There has been so much confusion and misunderstanding in the reviews of “Jacob’s Dream” as presented by the Habima that the present reviewer finds it essential to give in short the content of the drama, its origin and theme.
Richard Beer-Hoffmann’s drama belongs to that branch of the German Biblical drama of which there has been an abundance in recent years. Although one of the many dramas of Jewish and Biblical life in modern German literature, the Viennese dramatist has excelled them all in his thorough-going conception of the theme and in the high poetic value of its execution. When “Jacob’s Dream” was producted several years ago in the Deutsches Theatre in Berlin, it was acclaimed by nearly all the German critics as the best that has ever been produced on the subject of “Israel”. Some have even gone so far as to pronounce it to be a hymn to Zionism and the peak of Jewish national drama.
In the Biblical legend of the conflict between Esau and Jacob over the blessing of their father, the Patriarch Isaac, the playwright saw the fore-shadowing of the relations between Jew and Gentile, Jacob was chosen for a spiritual mission. Esau inherited the material riches of the earth. The theory of Israel’s mission, inherent in ancient literature, but accentuated by Reform Judaism, finds in Beer-Hoffmann’s play a dramatization which has no equal. Esau although master of the material riches of the world is constantly uneasy over the feared superiority of his brother Jacob. Jacob, driven by an inner force, clothed in gentleness, in understanding of suffering and aspirations to the higher unknown, recognizes Esau as his brother and strives to be at peace with him, although he is unwilling to give up his dreams and his ideals. Esau, jealous of his brother’s mission and of his “blessing” attempts to kill Jacob, but the attempt is futile. Superhuman forces save Jacob from extinction. Esau attempts then to persuade his brother to leave the country and to escape from the influence of the country’s God (an allusion to the temptation of baptism), but Jacob refuses. He assures his brother that although he has the blessing and believes in his mission his mission is not an egotistic one, it is for the benefit of his brother, too.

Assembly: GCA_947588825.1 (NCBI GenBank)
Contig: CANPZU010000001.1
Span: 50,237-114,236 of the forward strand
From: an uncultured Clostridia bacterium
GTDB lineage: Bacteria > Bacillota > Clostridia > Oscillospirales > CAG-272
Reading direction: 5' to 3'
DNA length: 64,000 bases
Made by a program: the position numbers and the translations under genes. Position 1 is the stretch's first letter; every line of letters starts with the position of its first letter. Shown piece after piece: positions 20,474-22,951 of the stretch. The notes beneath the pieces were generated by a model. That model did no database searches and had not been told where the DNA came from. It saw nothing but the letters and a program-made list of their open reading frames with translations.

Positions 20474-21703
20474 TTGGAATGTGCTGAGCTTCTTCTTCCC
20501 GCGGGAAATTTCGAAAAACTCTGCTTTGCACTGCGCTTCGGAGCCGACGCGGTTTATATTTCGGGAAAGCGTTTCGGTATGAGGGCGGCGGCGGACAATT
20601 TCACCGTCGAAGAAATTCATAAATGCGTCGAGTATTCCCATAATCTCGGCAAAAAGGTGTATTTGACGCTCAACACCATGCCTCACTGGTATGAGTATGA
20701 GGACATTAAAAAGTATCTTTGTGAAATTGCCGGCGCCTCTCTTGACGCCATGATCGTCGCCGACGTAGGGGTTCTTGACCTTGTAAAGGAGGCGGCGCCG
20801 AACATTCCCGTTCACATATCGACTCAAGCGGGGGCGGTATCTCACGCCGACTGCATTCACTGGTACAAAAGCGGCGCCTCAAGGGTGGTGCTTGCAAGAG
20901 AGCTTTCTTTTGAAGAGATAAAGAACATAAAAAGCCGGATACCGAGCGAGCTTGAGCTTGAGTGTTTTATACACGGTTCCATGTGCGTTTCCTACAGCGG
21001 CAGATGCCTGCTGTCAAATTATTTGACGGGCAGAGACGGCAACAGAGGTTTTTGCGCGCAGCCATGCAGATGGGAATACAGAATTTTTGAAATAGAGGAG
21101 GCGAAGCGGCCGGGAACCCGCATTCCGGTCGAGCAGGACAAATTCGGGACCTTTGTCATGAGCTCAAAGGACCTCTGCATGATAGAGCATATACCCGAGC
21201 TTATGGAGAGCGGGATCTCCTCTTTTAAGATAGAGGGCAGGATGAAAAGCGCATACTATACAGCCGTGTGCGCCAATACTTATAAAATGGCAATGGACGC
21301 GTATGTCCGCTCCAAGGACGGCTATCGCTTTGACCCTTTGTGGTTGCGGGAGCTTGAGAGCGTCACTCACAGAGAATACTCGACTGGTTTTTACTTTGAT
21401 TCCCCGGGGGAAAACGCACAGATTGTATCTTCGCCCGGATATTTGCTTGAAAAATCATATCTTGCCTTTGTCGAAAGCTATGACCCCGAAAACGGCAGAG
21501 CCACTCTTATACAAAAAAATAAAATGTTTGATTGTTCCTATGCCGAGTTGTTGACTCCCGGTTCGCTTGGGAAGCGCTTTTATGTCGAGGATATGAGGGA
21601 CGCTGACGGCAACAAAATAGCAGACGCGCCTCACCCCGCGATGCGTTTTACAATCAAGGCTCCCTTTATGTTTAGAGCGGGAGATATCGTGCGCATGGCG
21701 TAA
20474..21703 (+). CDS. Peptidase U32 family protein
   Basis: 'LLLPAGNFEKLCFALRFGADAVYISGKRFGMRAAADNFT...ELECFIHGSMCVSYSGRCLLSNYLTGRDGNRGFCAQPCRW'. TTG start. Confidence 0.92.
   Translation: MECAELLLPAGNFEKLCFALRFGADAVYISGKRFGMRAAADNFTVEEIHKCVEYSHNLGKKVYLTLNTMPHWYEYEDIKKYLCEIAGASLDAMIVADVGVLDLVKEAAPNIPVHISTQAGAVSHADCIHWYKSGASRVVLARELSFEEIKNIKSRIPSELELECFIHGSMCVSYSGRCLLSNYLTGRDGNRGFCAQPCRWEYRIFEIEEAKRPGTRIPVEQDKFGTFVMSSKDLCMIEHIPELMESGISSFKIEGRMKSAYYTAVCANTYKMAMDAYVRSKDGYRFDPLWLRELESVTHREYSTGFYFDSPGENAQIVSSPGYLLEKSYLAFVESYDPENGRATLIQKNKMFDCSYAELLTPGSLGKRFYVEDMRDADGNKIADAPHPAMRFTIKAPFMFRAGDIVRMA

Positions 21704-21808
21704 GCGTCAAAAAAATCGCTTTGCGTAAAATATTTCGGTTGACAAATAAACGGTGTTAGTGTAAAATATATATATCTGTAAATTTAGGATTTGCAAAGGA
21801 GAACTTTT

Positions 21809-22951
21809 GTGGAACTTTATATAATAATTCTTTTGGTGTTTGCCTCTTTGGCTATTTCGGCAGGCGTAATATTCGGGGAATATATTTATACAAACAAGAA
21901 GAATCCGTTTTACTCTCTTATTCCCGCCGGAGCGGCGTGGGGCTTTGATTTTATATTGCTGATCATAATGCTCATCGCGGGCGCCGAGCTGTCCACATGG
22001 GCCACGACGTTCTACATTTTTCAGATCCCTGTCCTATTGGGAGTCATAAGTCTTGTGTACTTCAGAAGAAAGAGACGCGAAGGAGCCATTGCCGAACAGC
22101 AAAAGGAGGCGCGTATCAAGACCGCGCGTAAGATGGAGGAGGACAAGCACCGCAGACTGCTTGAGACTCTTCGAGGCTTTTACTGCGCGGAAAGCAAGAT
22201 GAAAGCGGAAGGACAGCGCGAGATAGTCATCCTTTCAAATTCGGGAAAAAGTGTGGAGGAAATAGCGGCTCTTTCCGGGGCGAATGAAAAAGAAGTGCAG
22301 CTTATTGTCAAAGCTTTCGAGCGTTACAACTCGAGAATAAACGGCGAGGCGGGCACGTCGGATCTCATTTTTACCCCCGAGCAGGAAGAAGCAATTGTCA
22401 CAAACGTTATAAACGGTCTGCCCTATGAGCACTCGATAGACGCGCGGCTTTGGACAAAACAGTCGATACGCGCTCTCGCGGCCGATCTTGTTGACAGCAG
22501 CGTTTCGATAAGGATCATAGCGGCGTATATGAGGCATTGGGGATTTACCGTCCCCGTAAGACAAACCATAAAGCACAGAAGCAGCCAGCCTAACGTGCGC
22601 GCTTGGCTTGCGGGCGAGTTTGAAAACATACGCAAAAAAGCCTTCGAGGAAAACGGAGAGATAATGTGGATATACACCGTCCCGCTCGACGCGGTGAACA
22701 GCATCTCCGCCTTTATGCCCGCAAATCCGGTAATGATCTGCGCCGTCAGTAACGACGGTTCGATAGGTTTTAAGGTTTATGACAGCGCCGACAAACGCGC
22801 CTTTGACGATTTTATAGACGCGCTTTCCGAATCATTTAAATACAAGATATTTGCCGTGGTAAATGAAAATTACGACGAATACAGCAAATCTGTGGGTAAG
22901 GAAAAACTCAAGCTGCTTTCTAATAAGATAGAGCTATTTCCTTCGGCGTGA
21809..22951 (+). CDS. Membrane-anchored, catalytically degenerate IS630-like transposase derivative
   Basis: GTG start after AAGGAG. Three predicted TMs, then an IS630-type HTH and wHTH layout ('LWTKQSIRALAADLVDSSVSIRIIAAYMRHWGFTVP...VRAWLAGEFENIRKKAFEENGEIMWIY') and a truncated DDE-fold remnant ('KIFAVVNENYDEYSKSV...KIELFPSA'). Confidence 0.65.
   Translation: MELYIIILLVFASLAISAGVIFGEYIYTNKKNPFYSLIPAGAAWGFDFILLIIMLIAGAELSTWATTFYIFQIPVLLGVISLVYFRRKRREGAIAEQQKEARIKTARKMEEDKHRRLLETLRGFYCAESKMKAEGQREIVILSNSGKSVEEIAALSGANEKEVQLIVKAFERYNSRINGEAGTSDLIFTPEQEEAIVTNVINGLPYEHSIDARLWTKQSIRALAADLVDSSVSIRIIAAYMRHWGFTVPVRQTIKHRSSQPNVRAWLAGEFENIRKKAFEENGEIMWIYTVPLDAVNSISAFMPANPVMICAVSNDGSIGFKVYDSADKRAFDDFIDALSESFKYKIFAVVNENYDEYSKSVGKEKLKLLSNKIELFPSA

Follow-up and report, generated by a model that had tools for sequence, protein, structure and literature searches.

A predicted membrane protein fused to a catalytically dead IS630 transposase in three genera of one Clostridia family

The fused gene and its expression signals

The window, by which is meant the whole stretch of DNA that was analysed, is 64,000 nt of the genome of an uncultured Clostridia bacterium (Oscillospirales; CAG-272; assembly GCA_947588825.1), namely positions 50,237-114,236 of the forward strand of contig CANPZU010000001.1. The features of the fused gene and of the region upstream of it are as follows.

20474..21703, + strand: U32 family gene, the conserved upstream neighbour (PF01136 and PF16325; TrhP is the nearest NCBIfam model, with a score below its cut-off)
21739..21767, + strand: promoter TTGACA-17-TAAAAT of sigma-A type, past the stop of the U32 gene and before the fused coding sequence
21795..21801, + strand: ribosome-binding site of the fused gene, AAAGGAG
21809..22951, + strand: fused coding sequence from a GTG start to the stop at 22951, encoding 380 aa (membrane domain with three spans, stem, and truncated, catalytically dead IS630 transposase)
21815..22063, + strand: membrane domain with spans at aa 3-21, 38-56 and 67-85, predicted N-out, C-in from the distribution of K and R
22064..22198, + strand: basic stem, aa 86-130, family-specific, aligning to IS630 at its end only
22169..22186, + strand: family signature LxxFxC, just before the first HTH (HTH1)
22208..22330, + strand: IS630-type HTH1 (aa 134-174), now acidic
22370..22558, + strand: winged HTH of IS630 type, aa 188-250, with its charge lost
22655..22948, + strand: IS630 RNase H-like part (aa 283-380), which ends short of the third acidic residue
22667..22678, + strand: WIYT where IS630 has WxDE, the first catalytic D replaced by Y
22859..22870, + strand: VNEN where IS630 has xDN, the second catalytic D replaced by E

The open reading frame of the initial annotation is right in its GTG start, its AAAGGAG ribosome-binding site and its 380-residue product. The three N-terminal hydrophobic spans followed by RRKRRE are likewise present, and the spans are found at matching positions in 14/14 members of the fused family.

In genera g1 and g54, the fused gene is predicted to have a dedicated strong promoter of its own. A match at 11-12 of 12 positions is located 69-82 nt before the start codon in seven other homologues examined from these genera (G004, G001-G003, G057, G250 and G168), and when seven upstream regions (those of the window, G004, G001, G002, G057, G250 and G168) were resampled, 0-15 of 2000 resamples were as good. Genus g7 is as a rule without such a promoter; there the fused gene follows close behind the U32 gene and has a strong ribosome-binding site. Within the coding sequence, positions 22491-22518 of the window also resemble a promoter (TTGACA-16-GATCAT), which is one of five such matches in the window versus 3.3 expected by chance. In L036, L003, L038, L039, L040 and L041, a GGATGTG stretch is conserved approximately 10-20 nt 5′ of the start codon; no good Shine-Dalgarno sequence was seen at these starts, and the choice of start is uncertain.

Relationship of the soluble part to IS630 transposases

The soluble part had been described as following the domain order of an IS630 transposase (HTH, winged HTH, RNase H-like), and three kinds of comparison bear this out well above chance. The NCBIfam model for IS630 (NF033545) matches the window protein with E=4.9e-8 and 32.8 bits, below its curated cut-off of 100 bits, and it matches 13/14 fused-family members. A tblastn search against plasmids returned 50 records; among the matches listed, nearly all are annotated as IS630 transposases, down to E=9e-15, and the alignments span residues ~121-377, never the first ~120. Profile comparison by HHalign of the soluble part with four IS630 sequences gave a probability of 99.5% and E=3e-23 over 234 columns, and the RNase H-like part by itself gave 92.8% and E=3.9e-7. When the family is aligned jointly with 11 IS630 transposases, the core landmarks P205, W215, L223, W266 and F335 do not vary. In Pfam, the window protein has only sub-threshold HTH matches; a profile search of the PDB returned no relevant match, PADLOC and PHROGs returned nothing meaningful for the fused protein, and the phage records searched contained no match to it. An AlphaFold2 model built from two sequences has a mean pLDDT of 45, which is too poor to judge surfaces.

As a matter of fact, the motto of the drama, taken from Isaiah 49,6 in Luther’s translation: “It is easier to raise up the tribes of Jacob and to restore the preserved of Israel, than to be a light unto the nations and be His salvation unto the end of the earth”, expresses the trend of the author’s Klea. Israel’s mission is to be a light to the Gentiles, notwithstanding inner sufferings and external difficulties. In the encounter between Jacob and Esau, the latter urges Jacob to defend himself. Jacob refuses, but remains unharmed by Esau’s arrow. Esau makes another attempt to kill his brother,but superhuman powers intervene and Esau, frightened by the thunder, asks his brother in astonishment: “Are you alone here?”
Jacob falls asleep and in his dream he sees the angels, Gabriel, Uriel, Raphael and Michael, and hears their pronouncements. in which he is prompted to assume his mission in the world. They portray to him the future glory of the Jewish race. The only dissenting voice is that of the evil spirit. Samuel, who as the spirit of doubt depicts the trials, the tribulations and persecutions of the carrier of Israel’s mission and the futility of his task. Jacob is hesitant, but then the voice of God comes through the light and urges Jacob to assume the task, making the prediction that “Merey I will deprive thee of, thou ask for rightcousness and justice.” The light disappears, the dawn comes. Jacob is still lying on the rock. The angel Gabriel makes the last pronouncement. “When you wrangle with strangers, remember that you have wrangled with God today.” and adds: “Go on see and hear. O Israel.”
The Habima production of “Jacob’s Dream” is excuted in the daring Habima style. It deviates in many details from the text. omitting a scene here and there. However, the Habima production is an earnest attempt at presenting Beer-Hoffmann’s drama in the modernistic conception. The mountain scene gives one a peculiar impression. Namn Zemach in the role of Esan is a powerful figure. L. Warsawer as Jacob is a gentle dreamer. although one finds it difficult to reconcile one’s conception of a patriarch with the figure he presents. Benjamin Zemach as Samuel gives a unique presentation of the eternal doubter. The angel scene is impressive and at times approaches the operatic. The production as a whole is beautiful and inspiring.
W. Z. S.